What can the city do about ensuring we don’t have to endure massive budget cuts at the next economic downturn? Do we have a rainy day fund? Is it sufficient?
As chair of our city’s Budget and Finance Committee for the past four years, I have made it a priority to fight for and secure record amounts of savings into our city’s budget reserves to protect against the next economic downturn. Each and every year under my leadership our budget reserves have grown, and I will continue to fight each and every year at the board to ensure we maintain those smart savings investments.
Our economy operates in cycles. We are currently going through the longest duration of economic growth in San Francisco history without experiencing an economic slowdown. Our city’s financial health is strong and growing because of our commitment to saving responsibly, but there is more we can and must do to fend off massive budget cuts that will affect vital public services that our residents depend upon. No one wants to experience what it was like in 2009 and 2010 when people were losing their homes and vital services like parks, police, and transportation services were being cut, and I have made fiscal responsibility one of my biggest priorities.
What should the city’s priorities be during the remainder of Mayor Lee’s term?
I believe our priorities as a city should be on reducing homelessness, enhancing public safety, building more housing, and working to improve the quality of life for all San Franciscans.
Homelessness in San Francisco continues to persist and was recently rated the number-one issue of concern citywide. There is no silver bullet for reducing homelessness. But making smart investments in housing programs and services that have been proven to save money over time is where we should continue to focus our efforts. With the newly created Department of Homelessness and Supportive Housing, the city for the first time is centralizing its homelessness efforts, and I am confident we will make the progress that our residents deserve and expect to see.
Public safety is also front-of-mind for all San Franciscans. Though violent crime continues to trend downward, we have a surge in property crime that we need to continue to address. We need more police officers walking beats in our neighborhoods, and thankfully we have more academy classes planned to get more officers onto our streets.
Housing and affordability and the cost-of-living issues also continue to persist. We are producing more housing and have more units in the pipeline than ever before. We have to continue to plan responsibly for appropriate growth and focus on community involvement in the development process to ensure we maintain neighborhood character and vitality. Along with affordability, improving the quality of life must be a constant focus. We are set to invest more in our parks system, resurfacing our streets, improving transit, and more neighborhood-focused programs and services — all areas that are important to making life in San Francisco more enjoyable.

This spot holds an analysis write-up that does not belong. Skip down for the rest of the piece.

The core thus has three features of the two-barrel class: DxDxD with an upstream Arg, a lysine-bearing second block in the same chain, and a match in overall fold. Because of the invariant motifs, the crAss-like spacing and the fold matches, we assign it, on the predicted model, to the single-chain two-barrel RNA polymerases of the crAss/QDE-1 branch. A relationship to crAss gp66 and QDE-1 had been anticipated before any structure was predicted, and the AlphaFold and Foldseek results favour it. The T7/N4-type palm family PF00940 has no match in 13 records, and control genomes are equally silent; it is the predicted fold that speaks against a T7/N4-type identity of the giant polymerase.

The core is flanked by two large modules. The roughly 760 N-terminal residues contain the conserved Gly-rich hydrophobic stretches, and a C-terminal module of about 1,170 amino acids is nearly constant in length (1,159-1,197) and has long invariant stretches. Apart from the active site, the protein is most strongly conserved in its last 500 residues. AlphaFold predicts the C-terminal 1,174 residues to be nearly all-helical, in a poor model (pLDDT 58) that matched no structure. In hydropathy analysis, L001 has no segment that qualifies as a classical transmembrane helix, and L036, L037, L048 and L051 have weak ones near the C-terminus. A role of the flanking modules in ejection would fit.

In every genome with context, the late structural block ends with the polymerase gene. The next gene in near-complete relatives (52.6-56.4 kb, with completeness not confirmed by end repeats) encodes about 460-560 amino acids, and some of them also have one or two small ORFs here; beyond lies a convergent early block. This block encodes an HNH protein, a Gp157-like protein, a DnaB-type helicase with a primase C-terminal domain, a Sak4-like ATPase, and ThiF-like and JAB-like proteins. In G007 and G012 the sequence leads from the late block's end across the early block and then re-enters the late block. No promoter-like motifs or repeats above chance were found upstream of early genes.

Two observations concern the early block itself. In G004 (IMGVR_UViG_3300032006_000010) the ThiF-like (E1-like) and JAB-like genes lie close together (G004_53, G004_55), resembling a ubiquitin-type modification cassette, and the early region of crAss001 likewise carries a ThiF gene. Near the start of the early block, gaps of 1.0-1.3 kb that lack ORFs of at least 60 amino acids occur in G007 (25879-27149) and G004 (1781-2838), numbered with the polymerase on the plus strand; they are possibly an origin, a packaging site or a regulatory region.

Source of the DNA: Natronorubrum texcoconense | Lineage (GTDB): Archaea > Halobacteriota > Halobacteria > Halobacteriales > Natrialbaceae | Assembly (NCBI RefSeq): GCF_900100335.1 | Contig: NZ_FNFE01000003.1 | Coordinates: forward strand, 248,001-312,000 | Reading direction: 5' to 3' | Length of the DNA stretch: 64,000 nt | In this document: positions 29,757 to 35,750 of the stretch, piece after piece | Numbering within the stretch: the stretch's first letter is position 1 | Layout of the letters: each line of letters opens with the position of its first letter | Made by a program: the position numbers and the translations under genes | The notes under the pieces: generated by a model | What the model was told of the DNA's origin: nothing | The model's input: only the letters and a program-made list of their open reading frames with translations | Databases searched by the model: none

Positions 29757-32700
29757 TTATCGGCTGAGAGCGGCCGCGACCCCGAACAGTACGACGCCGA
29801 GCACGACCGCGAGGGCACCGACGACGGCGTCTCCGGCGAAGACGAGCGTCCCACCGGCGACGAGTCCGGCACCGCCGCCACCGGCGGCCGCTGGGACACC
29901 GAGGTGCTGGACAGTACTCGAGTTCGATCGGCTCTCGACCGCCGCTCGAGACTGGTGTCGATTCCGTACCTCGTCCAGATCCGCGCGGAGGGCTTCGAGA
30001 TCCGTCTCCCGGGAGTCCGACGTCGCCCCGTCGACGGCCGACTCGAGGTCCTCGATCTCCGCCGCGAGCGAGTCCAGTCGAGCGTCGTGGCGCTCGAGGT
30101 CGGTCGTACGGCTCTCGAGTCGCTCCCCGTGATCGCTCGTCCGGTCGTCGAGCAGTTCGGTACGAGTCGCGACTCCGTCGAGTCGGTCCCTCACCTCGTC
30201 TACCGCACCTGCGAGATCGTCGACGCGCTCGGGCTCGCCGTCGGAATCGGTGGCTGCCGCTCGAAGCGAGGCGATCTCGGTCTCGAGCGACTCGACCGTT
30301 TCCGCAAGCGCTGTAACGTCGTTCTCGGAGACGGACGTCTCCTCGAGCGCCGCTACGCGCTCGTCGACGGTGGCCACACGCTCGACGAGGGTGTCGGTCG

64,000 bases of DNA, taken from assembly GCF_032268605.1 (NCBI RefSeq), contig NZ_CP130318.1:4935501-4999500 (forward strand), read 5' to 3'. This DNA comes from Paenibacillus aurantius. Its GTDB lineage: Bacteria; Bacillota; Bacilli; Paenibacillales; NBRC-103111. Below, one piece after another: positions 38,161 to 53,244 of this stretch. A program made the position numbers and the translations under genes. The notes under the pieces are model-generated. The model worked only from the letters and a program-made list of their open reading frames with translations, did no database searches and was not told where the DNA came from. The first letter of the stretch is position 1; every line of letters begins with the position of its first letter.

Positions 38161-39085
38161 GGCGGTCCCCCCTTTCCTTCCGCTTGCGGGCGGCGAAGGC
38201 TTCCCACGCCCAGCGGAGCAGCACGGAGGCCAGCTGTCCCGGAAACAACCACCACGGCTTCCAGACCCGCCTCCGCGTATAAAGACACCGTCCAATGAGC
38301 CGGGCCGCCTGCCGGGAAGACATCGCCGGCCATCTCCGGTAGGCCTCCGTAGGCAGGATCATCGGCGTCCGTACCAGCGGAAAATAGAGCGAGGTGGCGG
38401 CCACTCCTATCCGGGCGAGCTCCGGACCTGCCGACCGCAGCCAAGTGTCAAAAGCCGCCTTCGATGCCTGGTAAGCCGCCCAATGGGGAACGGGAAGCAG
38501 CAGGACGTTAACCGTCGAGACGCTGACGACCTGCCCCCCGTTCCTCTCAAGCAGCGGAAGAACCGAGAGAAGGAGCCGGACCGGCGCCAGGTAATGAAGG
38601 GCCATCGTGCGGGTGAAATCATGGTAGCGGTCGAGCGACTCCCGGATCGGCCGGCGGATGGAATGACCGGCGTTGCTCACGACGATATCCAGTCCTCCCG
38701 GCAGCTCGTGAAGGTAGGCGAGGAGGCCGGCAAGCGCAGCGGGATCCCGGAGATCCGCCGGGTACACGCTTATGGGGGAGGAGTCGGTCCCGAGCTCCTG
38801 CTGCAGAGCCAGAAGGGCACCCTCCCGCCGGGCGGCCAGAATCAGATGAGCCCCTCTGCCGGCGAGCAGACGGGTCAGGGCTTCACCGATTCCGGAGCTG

I heard the news about Francisco Reservoir finally moving ahead with a plan. What will happen to it and how soon will it be completed?
Since I was elected in 2010, I have been working with the community and open-space and environmental advocates to turn the abandoned and dilapidated Francisco Reservoir in Russian Hill into a brand-new citywide park.
I am thrilled that we continue to push the Francisco Reservoir Park project forward, and that we recently just approved the next major milestone in doing so at the Board of Supervisors. The board just approved the agreement between the city and Francisco Park Conservancy that allows for the private fundraising and next phase in the public outreach process for input into the overall design of the park. Public outreach will continue throughout the year, and we expect construction to begin in 2018 and to be completed in 2019.
We are making such fantastic progress on this once-in-a-lifetime opportunity. To learn more about the project, or to get more involved, please visit the website, franciscopark.org.
I’m getting fed up with repair work and street work that disrupts my street. Is there any way we can know ahead of time what’s going to happen?
I hear from residents from District 2 and across the city about how the sheer amount of work on our streets is causing traffic congestion and disrupting our quality of life. I took those concerns and recently just authored and passed three pieces of legislation that seek to provide more advance and better notice to neighbors through modern means.
Now, all contractors will have to produce “construction parking plans” informing neighborhoods citywide of planned residential construction when their work will take up more than one parking space for longer than 30 days. Second, we recently approved my construction and building permit reform legislation that will give new powers to city departments to revoke permits from individuals who either are not completing their work in a timely manner, or not meeting the stated parameters of the permit they were issued.
Last, the board just recently approved my Neighborhood Notification Act, which will create San Francisco’s first online and centralized notification system. Soon, residents will be able to access any city notice on any issue that may impact their neighborhood. From wanting to know why your Muni stop was moved, to learning more about the construction work occurring on your block, I want our city residents to be proactively informed through modern means on their own time.